“Until it’s logical for someone on a low income to participate, then it’s just a scheme for the wealthy. It needs to change, and the goals need to be relevant to someone who’s living paycheck to paycheck.”

Last year, Te Ara Ahunga Ora, the Retirement Commission, released a report monitoring New Zealand’s retirement policy, and reached a similar conclusion.

While many of the indicators studied by the Retirement Commission, such as coverage and income replacement, were rated excellent, income gaps were fairly wide compared to the rest of the world. “Inequality is high,” the report notes. “This is a result of differences in accumulated wealth and ability to work.”

In another paper focused on KiwiSaver, the Retirement Commission notes that “as a result of ethnic and gender pay gaps, and a gender segregated labour market where female-dominated industries generally pay less, those with lower balances are more likely to be non-Pākehā and women”.

Due to KiwiSaver’s close connection to the incomes of those participating, the Retirement Commission suggests that the current set-up “perpetuates labour market inequality into retirement”.

Thankfully, KiwiSaver isn’t the sole mechanism for funding retirement and works in conjunction with NZ Super to deliver what is effectively a universal income for the elderly. That system works really well for us right now, and has made poverty rates low for the retired.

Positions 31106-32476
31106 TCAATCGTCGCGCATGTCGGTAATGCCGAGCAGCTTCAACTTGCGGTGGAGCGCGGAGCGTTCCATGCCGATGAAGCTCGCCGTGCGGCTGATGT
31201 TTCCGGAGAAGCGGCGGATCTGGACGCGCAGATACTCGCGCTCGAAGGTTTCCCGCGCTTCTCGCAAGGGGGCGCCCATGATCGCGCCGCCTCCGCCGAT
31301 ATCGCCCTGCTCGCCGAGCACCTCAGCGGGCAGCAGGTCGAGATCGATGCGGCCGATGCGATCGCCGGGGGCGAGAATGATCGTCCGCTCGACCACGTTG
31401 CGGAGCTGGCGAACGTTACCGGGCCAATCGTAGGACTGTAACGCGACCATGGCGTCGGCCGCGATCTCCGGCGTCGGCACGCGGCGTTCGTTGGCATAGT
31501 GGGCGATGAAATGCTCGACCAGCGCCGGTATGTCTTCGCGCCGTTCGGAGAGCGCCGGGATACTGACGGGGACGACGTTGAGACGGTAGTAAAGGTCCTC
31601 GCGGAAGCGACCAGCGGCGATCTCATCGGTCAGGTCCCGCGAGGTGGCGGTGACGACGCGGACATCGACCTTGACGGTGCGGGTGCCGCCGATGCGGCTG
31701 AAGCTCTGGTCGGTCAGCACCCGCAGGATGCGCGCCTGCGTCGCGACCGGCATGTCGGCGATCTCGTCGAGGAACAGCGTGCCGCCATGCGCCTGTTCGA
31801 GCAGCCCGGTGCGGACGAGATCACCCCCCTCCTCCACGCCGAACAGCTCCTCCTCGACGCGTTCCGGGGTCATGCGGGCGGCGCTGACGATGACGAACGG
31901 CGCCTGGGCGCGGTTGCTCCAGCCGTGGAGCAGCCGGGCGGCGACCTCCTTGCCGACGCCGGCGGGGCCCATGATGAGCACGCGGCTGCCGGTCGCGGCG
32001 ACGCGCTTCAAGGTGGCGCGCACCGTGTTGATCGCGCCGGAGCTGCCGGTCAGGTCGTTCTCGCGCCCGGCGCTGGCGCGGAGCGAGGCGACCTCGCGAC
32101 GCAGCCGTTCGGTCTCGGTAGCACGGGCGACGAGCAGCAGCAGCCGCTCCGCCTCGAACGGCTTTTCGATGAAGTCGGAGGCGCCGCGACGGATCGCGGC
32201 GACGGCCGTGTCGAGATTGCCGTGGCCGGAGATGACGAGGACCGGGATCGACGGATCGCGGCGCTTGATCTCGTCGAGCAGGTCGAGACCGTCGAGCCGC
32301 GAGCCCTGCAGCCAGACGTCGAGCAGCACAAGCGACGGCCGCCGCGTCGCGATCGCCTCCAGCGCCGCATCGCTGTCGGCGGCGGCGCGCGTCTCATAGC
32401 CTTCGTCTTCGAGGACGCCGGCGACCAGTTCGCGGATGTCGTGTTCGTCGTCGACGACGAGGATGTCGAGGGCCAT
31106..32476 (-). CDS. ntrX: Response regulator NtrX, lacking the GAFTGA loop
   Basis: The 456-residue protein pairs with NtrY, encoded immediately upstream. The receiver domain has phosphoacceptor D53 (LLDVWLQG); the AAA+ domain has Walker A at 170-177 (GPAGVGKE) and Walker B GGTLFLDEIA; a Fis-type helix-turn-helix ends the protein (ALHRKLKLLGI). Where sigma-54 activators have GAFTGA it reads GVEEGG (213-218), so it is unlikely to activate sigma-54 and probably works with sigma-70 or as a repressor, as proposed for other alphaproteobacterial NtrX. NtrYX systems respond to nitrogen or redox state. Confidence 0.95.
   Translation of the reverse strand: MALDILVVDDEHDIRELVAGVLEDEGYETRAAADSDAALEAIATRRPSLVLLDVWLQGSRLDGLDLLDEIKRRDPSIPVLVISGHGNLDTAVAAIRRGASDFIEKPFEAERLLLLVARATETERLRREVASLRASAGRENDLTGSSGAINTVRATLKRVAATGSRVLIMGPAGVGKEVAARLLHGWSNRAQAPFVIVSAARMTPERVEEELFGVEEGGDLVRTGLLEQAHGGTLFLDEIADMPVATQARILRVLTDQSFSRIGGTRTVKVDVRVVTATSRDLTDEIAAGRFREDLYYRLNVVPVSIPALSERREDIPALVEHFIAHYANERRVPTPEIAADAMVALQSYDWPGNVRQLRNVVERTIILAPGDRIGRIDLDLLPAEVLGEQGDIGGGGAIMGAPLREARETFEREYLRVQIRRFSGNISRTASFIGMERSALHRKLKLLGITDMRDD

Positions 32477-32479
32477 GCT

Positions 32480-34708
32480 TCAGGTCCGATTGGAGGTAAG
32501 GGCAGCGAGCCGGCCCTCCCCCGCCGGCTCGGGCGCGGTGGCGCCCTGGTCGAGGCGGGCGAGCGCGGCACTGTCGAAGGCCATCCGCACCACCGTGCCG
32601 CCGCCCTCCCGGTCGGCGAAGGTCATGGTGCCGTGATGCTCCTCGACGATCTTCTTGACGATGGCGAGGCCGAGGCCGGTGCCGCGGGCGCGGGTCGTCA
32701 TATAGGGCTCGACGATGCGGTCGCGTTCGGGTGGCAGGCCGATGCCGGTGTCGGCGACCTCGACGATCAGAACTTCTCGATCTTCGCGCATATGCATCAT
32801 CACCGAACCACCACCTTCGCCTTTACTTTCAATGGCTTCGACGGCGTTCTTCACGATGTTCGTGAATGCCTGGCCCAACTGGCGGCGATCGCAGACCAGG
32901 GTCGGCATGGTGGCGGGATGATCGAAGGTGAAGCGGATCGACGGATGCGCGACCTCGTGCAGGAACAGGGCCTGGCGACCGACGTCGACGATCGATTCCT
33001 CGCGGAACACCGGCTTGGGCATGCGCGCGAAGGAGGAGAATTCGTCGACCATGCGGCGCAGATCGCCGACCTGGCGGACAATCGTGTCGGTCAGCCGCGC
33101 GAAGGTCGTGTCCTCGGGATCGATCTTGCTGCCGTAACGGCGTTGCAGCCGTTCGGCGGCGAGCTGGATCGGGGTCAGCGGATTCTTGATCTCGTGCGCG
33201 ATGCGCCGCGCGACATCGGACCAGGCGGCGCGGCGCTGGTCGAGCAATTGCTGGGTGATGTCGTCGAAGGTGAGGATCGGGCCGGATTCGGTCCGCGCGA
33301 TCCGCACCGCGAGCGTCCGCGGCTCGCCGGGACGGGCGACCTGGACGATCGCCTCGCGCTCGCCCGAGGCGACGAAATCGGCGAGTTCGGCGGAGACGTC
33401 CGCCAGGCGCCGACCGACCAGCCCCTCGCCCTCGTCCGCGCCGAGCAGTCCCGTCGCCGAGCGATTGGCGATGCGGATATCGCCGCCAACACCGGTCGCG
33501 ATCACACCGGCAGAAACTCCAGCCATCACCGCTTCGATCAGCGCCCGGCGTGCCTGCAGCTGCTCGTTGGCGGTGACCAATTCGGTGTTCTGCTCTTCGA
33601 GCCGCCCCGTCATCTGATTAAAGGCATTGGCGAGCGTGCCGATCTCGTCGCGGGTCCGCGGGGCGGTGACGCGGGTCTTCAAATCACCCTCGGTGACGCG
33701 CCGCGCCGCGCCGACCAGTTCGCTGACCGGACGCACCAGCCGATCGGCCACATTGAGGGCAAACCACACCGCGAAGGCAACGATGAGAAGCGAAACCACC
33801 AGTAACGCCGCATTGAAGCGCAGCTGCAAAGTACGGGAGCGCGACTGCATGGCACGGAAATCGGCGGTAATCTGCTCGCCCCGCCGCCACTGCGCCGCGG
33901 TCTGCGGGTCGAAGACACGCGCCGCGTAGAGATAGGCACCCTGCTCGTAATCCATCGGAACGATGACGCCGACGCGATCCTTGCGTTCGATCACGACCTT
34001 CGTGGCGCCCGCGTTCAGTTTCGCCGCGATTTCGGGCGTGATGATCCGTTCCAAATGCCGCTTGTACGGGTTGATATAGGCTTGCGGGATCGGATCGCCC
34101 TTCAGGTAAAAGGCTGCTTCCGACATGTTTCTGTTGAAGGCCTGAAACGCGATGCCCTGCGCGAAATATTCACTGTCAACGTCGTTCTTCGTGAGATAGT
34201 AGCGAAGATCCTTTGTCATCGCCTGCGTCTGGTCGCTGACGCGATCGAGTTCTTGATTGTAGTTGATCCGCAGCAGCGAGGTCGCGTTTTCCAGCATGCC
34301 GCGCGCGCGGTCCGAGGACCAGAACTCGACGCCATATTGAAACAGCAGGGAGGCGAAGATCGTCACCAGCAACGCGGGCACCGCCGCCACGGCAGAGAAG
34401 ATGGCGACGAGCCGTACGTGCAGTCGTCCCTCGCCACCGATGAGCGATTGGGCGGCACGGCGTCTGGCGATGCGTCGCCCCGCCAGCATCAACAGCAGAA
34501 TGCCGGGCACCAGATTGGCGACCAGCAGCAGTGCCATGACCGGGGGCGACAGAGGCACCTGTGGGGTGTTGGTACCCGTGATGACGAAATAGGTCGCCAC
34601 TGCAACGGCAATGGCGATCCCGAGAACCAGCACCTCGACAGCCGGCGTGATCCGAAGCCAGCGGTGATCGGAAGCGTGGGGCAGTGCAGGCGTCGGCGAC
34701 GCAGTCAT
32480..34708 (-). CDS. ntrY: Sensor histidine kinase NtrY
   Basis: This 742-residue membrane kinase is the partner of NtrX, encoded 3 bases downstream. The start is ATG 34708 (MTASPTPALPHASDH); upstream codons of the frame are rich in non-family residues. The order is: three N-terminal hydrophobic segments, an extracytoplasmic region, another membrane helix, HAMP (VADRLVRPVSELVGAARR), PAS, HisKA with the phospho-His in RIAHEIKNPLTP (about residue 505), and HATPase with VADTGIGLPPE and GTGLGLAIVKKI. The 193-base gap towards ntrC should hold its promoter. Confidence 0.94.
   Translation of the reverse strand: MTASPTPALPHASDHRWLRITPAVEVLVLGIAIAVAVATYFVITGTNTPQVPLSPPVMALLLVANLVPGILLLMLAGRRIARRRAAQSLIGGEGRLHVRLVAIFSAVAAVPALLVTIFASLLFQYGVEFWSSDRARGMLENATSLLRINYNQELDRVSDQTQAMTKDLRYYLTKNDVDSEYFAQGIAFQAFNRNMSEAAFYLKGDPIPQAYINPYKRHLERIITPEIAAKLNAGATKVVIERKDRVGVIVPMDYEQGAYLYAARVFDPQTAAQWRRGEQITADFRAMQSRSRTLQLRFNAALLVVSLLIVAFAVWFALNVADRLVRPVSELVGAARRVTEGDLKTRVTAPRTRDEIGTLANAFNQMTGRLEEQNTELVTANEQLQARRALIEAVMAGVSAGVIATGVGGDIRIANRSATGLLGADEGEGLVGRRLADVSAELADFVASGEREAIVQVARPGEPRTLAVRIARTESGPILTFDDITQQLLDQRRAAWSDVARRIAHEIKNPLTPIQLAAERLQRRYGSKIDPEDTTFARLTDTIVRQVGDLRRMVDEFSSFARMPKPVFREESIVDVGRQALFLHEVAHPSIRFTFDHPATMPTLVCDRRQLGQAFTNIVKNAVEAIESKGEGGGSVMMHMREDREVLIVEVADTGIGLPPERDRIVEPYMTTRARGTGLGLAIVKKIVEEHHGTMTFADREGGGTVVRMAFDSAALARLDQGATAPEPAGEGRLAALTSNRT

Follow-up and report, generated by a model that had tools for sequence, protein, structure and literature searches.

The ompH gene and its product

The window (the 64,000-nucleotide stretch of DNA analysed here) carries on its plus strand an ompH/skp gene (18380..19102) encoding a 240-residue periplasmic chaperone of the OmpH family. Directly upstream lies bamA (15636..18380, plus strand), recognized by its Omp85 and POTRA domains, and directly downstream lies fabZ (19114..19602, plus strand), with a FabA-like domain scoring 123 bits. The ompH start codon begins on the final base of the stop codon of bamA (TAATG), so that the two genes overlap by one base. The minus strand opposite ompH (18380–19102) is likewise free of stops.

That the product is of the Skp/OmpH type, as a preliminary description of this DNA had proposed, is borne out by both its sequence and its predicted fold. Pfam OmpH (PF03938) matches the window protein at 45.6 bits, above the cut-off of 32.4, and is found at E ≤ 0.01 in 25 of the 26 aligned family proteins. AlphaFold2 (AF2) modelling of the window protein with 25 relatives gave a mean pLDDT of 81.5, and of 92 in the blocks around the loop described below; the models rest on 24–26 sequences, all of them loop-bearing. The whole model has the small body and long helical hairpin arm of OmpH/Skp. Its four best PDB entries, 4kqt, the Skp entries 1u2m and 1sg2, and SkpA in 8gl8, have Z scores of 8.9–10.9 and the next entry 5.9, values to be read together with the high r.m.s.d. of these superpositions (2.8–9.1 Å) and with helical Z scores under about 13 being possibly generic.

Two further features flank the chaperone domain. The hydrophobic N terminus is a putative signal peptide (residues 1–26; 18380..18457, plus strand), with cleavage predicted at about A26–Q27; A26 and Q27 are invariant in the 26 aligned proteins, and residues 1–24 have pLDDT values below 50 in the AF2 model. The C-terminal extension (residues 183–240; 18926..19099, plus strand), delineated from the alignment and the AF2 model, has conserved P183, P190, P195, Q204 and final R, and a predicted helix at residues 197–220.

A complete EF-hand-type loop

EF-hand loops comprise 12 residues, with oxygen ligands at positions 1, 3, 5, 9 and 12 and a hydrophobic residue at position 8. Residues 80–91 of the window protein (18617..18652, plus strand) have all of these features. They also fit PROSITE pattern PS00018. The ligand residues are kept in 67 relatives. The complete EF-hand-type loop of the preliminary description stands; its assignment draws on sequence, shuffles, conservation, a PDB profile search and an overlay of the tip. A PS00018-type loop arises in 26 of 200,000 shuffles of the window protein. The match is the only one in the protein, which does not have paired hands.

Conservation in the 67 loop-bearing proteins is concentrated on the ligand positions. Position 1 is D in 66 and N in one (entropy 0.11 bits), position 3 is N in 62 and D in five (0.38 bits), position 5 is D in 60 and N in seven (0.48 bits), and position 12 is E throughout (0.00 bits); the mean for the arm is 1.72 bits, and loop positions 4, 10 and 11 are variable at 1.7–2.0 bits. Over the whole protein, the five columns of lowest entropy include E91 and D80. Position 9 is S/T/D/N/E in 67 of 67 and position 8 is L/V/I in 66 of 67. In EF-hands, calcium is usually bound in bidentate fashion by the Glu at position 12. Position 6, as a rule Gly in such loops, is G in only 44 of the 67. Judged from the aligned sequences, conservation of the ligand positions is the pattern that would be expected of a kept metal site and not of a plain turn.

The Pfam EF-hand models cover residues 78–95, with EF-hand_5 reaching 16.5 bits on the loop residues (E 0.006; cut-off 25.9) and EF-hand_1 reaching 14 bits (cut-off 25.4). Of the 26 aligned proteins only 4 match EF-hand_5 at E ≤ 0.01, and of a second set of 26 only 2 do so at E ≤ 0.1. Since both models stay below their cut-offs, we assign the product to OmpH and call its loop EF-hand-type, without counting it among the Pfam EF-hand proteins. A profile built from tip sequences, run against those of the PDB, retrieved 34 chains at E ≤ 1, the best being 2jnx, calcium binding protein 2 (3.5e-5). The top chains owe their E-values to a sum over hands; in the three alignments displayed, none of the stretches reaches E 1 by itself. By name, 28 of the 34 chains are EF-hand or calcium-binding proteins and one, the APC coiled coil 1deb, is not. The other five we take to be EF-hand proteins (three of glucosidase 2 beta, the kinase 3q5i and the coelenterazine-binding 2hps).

However, the Retirement Commission expresses concern that the effectiveness of NZ Super could decrease over time. “A major future risk to the performance of New Zealand’s pension system is that the purchasing power of NZ Super would decline,” they note. If this were to happen, further pressure on KiwiSaver could upset the balance.

“If KiwiSaver, with its current settings, became a necessary component of retirement income, the transfer of risk from the state to the individual would be more far-reaching than in many other countries.”

“Any changes that increase the role Kiwisaver plays in retirement income present a risk of less equitable outcomes,” the commission warns.

Collins suggests that KiwiSaver be changed to better support people throughout their entire lives, so as to minimise the inequality that currently plagues the system. “The goal should be financial resilience across the lifetime, so by the time you hit the end of your life you’re in the best position you can be,” she says.

“That change would be radical to some people. They say ‘but it’s a retirement scheme’, but who is that retirement scheme targeting? Are you comfortable with it just being for the rich?”

Mad Chapman, Editor
Aotearoa continues to adapt to a new reality and The Spinoff is right there, sorting fact from fiction to bring you the latest updates and biggest stories. Help us continue this coverage, and so much more, by supporting The Spinoff Members.Madeleine Chapman, EditorJoin Members